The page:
I want to share two fascinating pieces that make a case for respecting and facilitating the hormonal physiology of childbirth, with the end goal of healthier mother-baby pairs:
The first is the article "Hormonal Physiology of Childbearing, an Essential Framework for Maternal–Newborn Nursing" by Carol Sakala, Amy M. Romano, and Sarah J. Buckley (JOGNN 45.2 264-275). From the abstract:
Knowledge of the hormonal physiology of childbearing is foundational for all who care for childbearing women and newborns. When promoted, supported, and protected, innate, hormonally driven processes optimize labor and birth, maternal and newborn transitions, breastfeeding, and mother–infant attachment. Many common perinatal interventions can interfere with or limit hormonal processes and have other unintended effects. Such interventions should only be used when clearly indicated. High-quality care incorporates salutogenic nursing practices that support physiologic processes and maternal–newborn health.
The second is a PhD thesis by Florence Anne Saxton of Southern Cross University: Pronurturance at birth and risk of postpartum haemorrhage: biology, theory and new evidence. (PDF here) From the abstract:
Background: In spite of the almost universal adoption of the active management of the 3rd stage of labour, postpartum haemorrhage (PPH) rates continue to rise; reaching 19% or more in some obstetric units. Conversely, there is emerging evidence that women who experience continuity of midwifery care have lower rates of PPH. Continuity of midwifery care normally includes immediate skin-to-skin contact and early breastfeeding in the 3rd and 4th stages of labour to optimise release of endogenous oxytocin. The objective was to determine if skin-to-skin contact and breastfeeding at birth affected the rate of early PPH in a group of mixed risk Australian women.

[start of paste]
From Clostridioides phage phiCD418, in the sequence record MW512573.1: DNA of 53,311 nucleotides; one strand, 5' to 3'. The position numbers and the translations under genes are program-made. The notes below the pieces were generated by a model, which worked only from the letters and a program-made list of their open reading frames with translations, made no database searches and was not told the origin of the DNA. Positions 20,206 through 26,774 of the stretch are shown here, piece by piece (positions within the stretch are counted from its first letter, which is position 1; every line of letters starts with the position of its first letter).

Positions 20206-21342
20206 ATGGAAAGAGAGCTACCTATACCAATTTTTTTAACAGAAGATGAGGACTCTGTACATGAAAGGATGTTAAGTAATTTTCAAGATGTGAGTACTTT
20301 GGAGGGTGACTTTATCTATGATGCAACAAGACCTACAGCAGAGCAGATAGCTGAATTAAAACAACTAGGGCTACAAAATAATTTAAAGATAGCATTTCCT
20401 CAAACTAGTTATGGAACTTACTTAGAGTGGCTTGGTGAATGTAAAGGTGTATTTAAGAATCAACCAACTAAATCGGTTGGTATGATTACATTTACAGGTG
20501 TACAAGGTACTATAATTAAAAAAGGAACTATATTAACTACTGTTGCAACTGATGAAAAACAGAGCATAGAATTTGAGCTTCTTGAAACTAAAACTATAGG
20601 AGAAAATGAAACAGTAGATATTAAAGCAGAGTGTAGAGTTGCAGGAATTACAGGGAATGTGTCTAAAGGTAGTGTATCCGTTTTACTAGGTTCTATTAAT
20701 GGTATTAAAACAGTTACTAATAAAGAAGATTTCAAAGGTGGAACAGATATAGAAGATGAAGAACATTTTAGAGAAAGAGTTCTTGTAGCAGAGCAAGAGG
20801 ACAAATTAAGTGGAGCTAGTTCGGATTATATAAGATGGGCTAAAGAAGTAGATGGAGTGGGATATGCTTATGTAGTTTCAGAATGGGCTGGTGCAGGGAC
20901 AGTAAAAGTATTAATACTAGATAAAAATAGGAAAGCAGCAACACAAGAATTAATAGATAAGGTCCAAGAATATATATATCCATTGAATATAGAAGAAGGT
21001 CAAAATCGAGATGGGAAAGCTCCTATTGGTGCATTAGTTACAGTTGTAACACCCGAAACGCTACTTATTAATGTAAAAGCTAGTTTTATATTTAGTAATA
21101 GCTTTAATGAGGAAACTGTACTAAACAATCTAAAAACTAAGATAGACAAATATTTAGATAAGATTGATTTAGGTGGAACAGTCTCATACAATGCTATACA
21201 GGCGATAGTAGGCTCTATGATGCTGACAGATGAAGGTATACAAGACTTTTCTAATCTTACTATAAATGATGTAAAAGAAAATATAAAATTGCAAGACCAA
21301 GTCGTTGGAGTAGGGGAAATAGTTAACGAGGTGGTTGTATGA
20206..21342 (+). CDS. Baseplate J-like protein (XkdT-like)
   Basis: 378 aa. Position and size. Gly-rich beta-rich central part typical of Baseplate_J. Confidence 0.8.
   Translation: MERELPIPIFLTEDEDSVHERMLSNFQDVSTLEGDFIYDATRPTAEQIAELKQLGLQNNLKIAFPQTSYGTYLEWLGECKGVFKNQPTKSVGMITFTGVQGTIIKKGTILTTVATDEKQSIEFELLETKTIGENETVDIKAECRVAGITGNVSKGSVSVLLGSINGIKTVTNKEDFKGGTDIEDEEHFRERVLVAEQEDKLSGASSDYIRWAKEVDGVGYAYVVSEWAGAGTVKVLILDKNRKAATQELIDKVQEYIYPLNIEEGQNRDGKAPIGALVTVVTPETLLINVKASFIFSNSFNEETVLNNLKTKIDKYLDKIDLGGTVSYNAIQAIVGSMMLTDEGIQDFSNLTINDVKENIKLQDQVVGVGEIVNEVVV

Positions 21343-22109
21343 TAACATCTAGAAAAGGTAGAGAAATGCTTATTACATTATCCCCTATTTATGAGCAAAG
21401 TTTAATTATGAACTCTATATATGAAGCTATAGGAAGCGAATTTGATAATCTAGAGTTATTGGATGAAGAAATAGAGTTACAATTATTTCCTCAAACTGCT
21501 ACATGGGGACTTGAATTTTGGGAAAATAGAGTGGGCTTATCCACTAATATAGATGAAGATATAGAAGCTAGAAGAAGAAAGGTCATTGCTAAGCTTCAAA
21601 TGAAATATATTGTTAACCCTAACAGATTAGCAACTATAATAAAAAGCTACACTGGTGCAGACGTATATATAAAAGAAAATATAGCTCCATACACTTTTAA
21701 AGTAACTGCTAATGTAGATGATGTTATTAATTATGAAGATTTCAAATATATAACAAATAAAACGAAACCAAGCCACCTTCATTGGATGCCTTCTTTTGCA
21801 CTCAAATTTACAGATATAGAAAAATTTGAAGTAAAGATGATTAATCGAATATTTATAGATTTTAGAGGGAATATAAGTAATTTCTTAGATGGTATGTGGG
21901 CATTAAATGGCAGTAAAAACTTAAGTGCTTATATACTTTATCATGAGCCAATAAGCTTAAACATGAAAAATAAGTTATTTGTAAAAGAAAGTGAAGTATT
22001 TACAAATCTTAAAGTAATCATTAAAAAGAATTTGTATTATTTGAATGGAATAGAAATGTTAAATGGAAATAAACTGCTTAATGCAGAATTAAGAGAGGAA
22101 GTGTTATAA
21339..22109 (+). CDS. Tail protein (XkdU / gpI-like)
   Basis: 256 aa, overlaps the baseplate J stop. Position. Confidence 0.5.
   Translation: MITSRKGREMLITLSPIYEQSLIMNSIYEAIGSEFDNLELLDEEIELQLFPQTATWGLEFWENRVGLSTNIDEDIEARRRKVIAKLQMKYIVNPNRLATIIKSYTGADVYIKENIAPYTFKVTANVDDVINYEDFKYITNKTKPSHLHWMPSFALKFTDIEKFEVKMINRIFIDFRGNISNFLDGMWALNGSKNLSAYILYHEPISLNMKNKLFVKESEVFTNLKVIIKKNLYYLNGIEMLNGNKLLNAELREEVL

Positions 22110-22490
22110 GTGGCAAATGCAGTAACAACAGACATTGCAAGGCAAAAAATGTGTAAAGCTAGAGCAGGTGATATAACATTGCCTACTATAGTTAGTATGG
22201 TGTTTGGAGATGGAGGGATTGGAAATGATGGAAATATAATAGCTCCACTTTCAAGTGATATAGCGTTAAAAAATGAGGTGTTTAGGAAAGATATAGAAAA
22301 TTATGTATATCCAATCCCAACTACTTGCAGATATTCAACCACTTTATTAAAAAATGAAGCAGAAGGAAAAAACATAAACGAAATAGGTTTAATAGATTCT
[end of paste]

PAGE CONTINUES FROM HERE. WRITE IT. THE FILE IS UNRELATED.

Method: De-identified birth records (N=11,219) for the calendar years 2009 and 2010 were extracted from the electronic ObstetriX database which records public sector births in New South Wales, Australia. Excluded (n = 3,671) were all cases where skin-to-skin and breastfeeding immediately after birth was not possible leaving 7,548 cases for analysis. The outcome measure was PPH of 500 ml or more; the independent variables were ‘skin-to-skin contact’ and ‘breastfeeding’ at birth (the combination of these two variables I ultimately termed pronurturance). Analyses were conducted to determine the risk of PPH for women who experienced skin-to-skin contact and breastfeeding at birth in the 3rd and 4th stages of labour compared with those women who did not (regardless of the woman’s risk status or mode of birth).
Results: Women who experienced skin-to-skin contact and breastfeeding at birth had an almost fourfold decrease in risk of PPH, (OR 0.26, 95% CI 0.20-0.33, p < 0.001). After adjustment for covariates women who experienced skin-to-skin contact and breastfeeding at birth were again less likely to have a PPH (OR 0.55, 95% CI 0.41-0.72, p < 0.001). This protective effect of ‘pronurturance’ on PPH held true in sub-analyses for both women at ‘lower’ risk (OR 0.22, 95% CI 0.17-0.30, p < 0.001) and ‘higher’ risk (OR 0.37, 95% CI 0.24-0.57, p < 0.001) of PPH.
Conclusion: These results suggest that skin-to-skin contact and breastfeeding in 3rd and 4th stages of labour was effective in reducing the risk of PPH in a group of mixed risk Australian women. The explanation of this finding is that skin-to-skin contact and breastfeeding promote optimal endogenous oxytocin release. Skin-to-skin contact and breastfeeding at birth has shown no known negative effects and should be encouraged for all women during 3rd and 4th stage labour care.
Here are some core elements of a physiological labor & birth
Mother moves freely & chooses her positions during labor
Quiet, private environment
Unobtrusive birth attendants
Spontaneous, mother-directed pushing and upright maternal positioning
Immediate & prolonged skin-to-skin contact
Still skin-to-skin, even when moving from tub to bed
Skin-to-skin and breastfeeding ad infinitum